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Political and political economy literature on the ENP: issues and implications

Monastiriotis, Vassilis and Borrell, Mireia (2012) Political and political economy literature on the ENP: issues and implications. Working papers (WP1/05). SEARCH, Barcelona, Spain.

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Seen from the perspective of academic enquiry, the European Neighbourhood Policy sits – sometimes uncomfortably – between the realms of accession/integration and external relations. Given the emphasis of the policy on strengthening security (internally) and stability (externally), and the fact that its structure is largely built on the pre-existing instruments of accession conditionality, the main body of literature examining the ENP is located in the fields of political science and international relations – and, less so, political economy. Consequently, much less emphasis is given on the role of the ENP as a tool for economic development and convergence. The political / institutional literature identifies a number of issues with the rationale, instruments and implementation of the ENP. Analytically, these have to do with three distinctive but inter-related categories. First is the question concerning the ultimate scope of the policy. In the literature, ENP is seen as struggling to meet two sometimes conflicting objectives: on the one hand the establishment of a common security policy with its neighbours and on the other the management of their (real, perceived, or potential) accession aspirations. Following from this, second, is the question concerning the role of the EU in this process and in particular the tension between a normative aspiration to instil ‘European’ values to its neighbourhood and a self-interested goal of achieving narrower economic (market access) and political (security, stability) objectives. Finally, a more central question concerns the effectiveness of the policy at large, given the above tensions. The use of conditionality, modelled as it is on the experience of past enlargements, has a number of unintended, but negative, consequences, as it blurs the objectives and scope of the policy and ‘entraps’ the EU into a constantly deepening process of institutional convergence and integration – which either becomes ineffective due to the absence of the prospect of accession or makes the objective of ‘containing accession aspirations’ largely impractical. In this process, adherence to objectives of democratisation, market openness and integration becomes piecemeal and thus the overall goal of strengthening security and stability through the economic and political development of the EU’s external periphery is potentially compromised.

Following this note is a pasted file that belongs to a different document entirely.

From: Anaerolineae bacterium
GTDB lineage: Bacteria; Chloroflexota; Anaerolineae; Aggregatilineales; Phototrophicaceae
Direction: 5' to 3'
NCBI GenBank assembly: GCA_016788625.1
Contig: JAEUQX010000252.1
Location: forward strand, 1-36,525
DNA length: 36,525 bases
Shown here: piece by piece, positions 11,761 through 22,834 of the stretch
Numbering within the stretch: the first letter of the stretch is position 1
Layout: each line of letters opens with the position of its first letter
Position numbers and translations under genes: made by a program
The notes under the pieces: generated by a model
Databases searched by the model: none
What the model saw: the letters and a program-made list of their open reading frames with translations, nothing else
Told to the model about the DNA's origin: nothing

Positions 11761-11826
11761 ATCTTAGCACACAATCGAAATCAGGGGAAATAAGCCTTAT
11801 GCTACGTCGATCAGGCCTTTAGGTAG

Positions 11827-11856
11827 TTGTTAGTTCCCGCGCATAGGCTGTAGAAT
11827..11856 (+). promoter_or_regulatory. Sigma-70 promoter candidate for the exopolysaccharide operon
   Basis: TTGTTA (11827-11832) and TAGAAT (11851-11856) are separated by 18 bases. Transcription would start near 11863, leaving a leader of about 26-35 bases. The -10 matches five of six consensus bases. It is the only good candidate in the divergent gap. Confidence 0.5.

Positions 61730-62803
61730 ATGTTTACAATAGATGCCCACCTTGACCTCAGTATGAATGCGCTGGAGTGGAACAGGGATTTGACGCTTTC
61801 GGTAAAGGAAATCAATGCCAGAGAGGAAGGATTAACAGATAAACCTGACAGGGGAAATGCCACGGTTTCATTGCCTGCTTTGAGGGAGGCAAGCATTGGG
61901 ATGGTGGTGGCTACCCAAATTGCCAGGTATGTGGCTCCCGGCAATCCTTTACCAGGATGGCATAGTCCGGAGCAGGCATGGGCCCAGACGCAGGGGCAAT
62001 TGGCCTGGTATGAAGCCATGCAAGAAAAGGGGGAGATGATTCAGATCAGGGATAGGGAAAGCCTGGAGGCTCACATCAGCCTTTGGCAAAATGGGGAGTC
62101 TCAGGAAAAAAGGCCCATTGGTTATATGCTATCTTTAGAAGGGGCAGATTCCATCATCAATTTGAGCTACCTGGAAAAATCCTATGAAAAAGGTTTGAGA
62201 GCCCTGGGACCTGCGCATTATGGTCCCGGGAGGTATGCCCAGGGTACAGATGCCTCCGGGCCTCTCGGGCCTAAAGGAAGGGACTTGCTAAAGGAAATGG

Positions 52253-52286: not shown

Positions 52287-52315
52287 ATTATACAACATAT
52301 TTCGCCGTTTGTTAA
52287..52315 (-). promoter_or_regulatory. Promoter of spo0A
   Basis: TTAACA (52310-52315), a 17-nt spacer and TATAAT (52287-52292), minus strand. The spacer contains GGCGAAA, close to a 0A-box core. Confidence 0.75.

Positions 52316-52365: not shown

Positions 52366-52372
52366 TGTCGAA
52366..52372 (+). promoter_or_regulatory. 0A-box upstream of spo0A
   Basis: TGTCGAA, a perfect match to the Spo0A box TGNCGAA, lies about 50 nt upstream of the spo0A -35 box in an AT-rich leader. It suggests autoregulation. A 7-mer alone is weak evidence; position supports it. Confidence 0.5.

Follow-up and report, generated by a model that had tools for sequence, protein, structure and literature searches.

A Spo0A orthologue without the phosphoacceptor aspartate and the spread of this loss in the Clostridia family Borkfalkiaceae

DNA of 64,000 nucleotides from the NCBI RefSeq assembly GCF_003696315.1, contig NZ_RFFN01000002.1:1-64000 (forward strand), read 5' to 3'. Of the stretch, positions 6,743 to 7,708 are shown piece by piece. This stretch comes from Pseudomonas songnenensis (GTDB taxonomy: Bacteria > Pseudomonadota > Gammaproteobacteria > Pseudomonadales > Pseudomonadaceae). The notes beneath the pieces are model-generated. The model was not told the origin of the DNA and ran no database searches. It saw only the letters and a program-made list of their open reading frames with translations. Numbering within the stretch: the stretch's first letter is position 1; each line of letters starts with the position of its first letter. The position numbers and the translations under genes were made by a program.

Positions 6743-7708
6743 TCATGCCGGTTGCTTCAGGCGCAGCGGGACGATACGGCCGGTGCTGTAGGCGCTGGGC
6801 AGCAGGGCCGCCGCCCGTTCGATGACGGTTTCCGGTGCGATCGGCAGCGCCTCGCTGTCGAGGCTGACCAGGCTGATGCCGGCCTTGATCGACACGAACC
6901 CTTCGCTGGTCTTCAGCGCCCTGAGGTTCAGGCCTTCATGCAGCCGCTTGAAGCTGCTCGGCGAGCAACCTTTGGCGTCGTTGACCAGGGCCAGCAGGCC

Item Type: Monograph (Working Paper)
Official URL:
Additional Information: © 2012 SEARCH
Divisions: European Institute
Spatial Economics Research Centre
Hellenic Observatory
Subjects: J Political Science > JN Political institutions (Europe)
Sets: Departments > European Institute
Research centres and groups > Spatial Economics Research Centre
Research centres and groups > Hellenic Observatory
Date Deposited: 04 Feb 2015 10:22
Last Modified: 14 Feb 2021 00:22
Projects: FP7-SSH-SSH-2010.2.2.1-266834
Funders: 7th European Community Framework Programme

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